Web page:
As the new director of rabbinic services for the Jackson-based Goldring/Woldenberg Institute of Southern Jewish Life, Aaron Rozovsky will draw on experiences from a one-year deployment to Afghanistan with the Military Police.
There, he learned how to create meaningful Jewish experiences out of whatever he had, including making a festive Shabbat dinner out of “a few cans of corn, peaches, and Army rations.”
While even the smallest Jewish communities served by ISJL have far more resources than he had in Afghanistan, being able to work with small communities “is my dream job,” Rozovsky said. “To serve small Jewish communities throughout the South who have added so much to the American fabric and our understanding of what it means to be Jewish is the opportunity of a lifetime.”
“We are so excited to welcome Aaron to the team,” says Michele Schipper, who will become CEO of the Institute later this month. “His passion for serving under-served Jewish communities, his past experiences and his vision for this role all make him an ideal rabbi to serve our region.”
Rozovsky will be ordained this spring from Hebrew Union College-Jewish Institute of Religion, the Reform movement’s seminary. Prior to beginning his rabbinical studies, he also completed a Master’s degree in International Studies with a concentration in Latin America at Central Connecticut State University, and a Bachelor’s degree in history with a Spanish minor at Providence College in Rhode Island.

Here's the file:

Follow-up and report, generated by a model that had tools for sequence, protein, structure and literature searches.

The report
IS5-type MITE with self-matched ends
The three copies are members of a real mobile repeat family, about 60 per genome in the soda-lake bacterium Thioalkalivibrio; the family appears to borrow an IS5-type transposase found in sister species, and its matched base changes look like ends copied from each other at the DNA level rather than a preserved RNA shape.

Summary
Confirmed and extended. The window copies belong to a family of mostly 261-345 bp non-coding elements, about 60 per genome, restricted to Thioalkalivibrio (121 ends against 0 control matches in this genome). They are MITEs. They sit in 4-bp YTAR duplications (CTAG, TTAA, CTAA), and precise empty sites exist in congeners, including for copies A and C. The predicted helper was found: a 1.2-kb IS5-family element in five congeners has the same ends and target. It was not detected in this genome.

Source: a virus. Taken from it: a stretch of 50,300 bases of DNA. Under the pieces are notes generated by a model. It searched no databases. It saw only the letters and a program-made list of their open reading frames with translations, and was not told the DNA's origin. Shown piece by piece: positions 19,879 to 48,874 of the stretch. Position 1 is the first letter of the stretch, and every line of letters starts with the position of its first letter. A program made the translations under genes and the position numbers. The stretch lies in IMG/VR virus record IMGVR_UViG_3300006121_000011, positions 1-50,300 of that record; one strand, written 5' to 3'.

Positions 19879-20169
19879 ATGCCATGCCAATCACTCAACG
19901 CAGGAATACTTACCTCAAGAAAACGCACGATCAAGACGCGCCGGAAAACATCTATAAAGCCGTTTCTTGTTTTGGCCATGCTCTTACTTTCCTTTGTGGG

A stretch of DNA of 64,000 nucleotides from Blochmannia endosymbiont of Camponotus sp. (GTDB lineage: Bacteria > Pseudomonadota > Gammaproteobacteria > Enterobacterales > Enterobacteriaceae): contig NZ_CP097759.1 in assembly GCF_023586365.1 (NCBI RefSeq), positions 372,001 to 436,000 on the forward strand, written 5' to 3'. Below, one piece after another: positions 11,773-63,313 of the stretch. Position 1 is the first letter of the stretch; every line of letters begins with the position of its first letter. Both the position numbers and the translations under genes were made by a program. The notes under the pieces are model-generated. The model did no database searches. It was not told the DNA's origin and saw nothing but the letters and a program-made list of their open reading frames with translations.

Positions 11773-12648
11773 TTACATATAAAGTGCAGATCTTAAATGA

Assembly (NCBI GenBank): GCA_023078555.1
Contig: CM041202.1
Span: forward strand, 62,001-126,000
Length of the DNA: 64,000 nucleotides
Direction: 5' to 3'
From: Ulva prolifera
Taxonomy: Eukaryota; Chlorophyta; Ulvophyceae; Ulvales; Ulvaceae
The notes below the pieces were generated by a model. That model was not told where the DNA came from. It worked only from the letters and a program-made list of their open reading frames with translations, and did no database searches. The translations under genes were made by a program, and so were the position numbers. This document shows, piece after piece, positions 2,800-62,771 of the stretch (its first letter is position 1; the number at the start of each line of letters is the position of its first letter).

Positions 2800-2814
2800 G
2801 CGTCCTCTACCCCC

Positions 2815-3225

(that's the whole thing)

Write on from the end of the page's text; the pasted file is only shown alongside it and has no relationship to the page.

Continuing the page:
As a student rabbi, he served in an array of positions, primarily in small communities: teaching at Kulanu Cincinnati Reform Jewish High School, working at the Center for Holocaust and Humanity Education, advising students at the Hillel at Miami University of Ohio, and holding student pulpits at United Hebrew Congregation in Terra Haute, Ind., and Temple B’nai Israel of Petoskey, Mich.
In the military, Rozovsky has served as chaplain for the 1/103rd Field Artillery Battalion in Providence, R.I.; summer chaplain at the Robley Rex Veterans Affairs Medical Center in Louisville, Ky.; and as a Fellow at the Jewish War Veterans of America Cincinnati-Dayton chapter; and he has worked for 12 years with the Rhode Island Army National Guard. He also spent a year as a liaison officer for the U.S. Army-Israel Defense Forces, in Jerusalem.
The ISJL’s Rabbinical Services Department serves communities across its 13-state region, focusing specifically on communities with no full-time rabbi in place. In his role as director, Rozovsky will travel two to three weekends a month to lead Shabbat experiences, will write a weekly Taste of Torah e-mailed d’var Torah (sermon), serve as a remote resource for Bar and Bat Mitzvah students, engaged couples, and more; he will also work with colleagues to coordinate visits throughout the region with the ISJL’s “Rabbis on the Road” program, where rabbis from around the country visit several congregations in the region.
Since its formation in 2003, the “ISJL Rabbi” position has been held by Rabbis Debra Kassoff, Batsheva Appel, Marshal Klaven and Jeremy Simons. Last summer, Simons became the director of Hillels of Memphis.